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Ancient GreekEdit

EtymologyEdit

The word is first attested in Homer, Iliad 7.206. Believed to be a borrowed word, perhaps from Urartian 𒁓𒂵𒈾 (bur-ga-na /burgana/, pillar, column; altar, base, or built-up foundation), however this may itself be a loan with no known Hurrian cognate; compare also Old Armenian բուրգն (burgn, pyramid). Others connect the word to Proto-Indo-European *bʰerǵʰ- (high), with cognates including Sanskrit बृहत् (bṛhát, lofty, high, tall), Old Armenian բարձր (barjr, high) and Old English burg (English borough). Kretschmer suggested a borrowing from Proto-Germanic *burgz (fortified town, hill-fort) mediated through some Northern Balkans language (Ancient Macedonian?). For Beekes, the abundance of Pre-Greek placenames, like e. g. Πέργαμον (Pérgamon), seems to indicate a Pre-Greek origin.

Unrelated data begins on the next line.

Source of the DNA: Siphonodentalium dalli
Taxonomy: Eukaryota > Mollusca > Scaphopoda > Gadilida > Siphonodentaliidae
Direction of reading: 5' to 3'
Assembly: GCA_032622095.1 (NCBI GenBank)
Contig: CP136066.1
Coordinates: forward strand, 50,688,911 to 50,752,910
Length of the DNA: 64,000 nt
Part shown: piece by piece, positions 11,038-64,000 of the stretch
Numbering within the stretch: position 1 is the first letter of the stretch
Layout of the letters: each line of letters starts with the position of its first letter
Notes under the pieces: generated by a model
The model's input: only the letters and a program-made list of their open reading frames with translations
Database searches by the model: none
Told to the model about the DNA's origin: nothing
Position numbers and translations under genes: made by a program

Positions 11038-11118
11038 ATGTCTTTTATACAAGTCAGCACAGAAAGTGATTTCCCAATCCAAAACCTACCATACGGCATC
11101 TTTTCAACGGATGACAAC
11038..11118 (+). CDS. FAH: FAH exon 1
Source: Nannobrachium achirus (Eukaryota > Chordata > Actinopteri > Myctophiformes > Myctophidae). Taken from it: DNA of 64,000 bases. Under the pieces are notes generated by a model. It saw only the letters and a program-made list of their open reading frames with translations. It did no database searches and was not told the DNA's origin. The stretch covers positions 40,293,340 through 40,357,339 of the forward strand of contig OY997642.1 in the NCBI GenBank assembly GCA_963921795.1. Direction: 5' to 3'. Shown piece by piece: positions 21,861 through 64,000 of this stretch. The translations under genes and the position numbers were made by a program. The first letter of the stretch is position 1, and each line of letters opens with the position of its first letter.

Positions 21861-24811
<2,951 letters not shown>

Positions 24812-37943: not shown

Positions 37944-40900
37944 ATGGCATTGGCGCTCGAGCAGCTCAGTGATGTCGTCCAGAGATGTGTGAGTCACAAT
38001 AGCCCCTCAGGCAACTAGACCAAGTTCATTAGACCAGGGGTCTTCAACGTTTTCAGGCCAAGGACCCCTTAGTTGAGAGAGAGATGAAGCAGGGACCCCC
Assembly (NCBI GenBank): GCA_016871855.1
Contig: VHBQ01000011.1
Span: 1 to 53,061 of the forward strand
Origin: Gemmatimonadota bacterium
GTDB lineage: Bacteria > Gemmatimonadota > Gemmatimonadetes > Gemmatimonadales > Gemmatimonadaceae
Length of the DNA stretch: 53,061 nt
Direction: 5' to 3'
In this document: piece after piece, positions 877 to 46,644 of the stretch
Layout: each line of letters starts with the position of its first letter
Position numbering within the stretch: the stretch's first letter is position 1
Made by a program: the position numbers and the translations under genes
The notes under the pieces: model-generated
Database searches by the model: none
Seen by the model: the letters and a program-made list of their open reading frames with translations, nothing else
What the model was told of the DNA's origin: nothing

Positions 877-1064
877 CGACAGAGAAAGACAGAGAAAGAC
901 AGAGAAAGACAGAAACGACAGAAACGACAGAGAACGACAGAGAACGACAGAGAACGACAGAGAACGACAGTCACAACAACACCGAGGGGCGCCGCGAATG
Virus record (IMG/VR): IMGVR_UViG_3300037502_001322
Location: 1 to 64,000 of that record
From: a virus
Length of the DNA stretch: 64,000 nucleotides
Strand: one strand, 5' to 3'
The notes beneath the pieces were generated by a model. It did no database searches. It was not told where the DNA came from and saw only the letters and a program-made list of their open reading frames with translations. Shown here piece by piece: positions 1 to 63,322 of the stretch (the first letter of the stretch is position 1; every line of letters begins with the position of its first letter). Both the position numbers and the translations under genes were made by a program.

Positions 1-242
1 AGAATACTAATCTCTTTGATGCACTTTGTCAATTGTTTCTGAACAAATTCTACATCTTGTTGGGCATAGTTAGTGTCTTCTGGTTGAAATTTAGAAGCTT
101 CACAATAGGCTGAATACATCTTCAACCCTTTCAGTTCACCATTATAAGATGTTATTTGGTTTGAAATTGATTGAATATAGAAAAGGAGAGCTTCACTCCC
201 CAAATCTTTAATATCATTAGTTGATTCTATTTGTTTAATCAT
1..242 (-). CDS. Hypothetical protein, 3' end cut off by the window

PronunciationEdit

 

NounEdit

πῠ́ργος (púrgosm (genitive πῠ́ργου); second declension

  1. tower, watchtower
  2. (in the plural) towered wall
  3. the part of the house where women live
  4. castle, fortress, bulwark
  5. (military) division, column

InflectionEdit

DescendantsEdit

Further readingEdit


GreekEdit

EtymologyEdit

From Ancient Greek πύργος (púrgos).

PronunciationEdit

  • IPA(key): /ˈpirɣos/
  • (file)
  • Hyphenation: πύρ‧γος

NounEdit

πύργος (pýrgosm (plural πύργοι)

  1. tower
    κεντρικός πύργοςkentrikós pýrgoscentral tower, castle keep
  2. (chess) rook

DeclensionEdit

Derived termsEdit

See alsoEdit

Chess pieces in Greek · πεσσοί (pessoí) (layout · text)
           
βασιλιάς (vasiliás) βασίλισσα (vasílissa) πύργος (pýrgos) αξιωματικός (axiomatikós), τρελός (trelós) ίππος (íppos) στρατιώτης (stratiótis), πιόνι (pióni)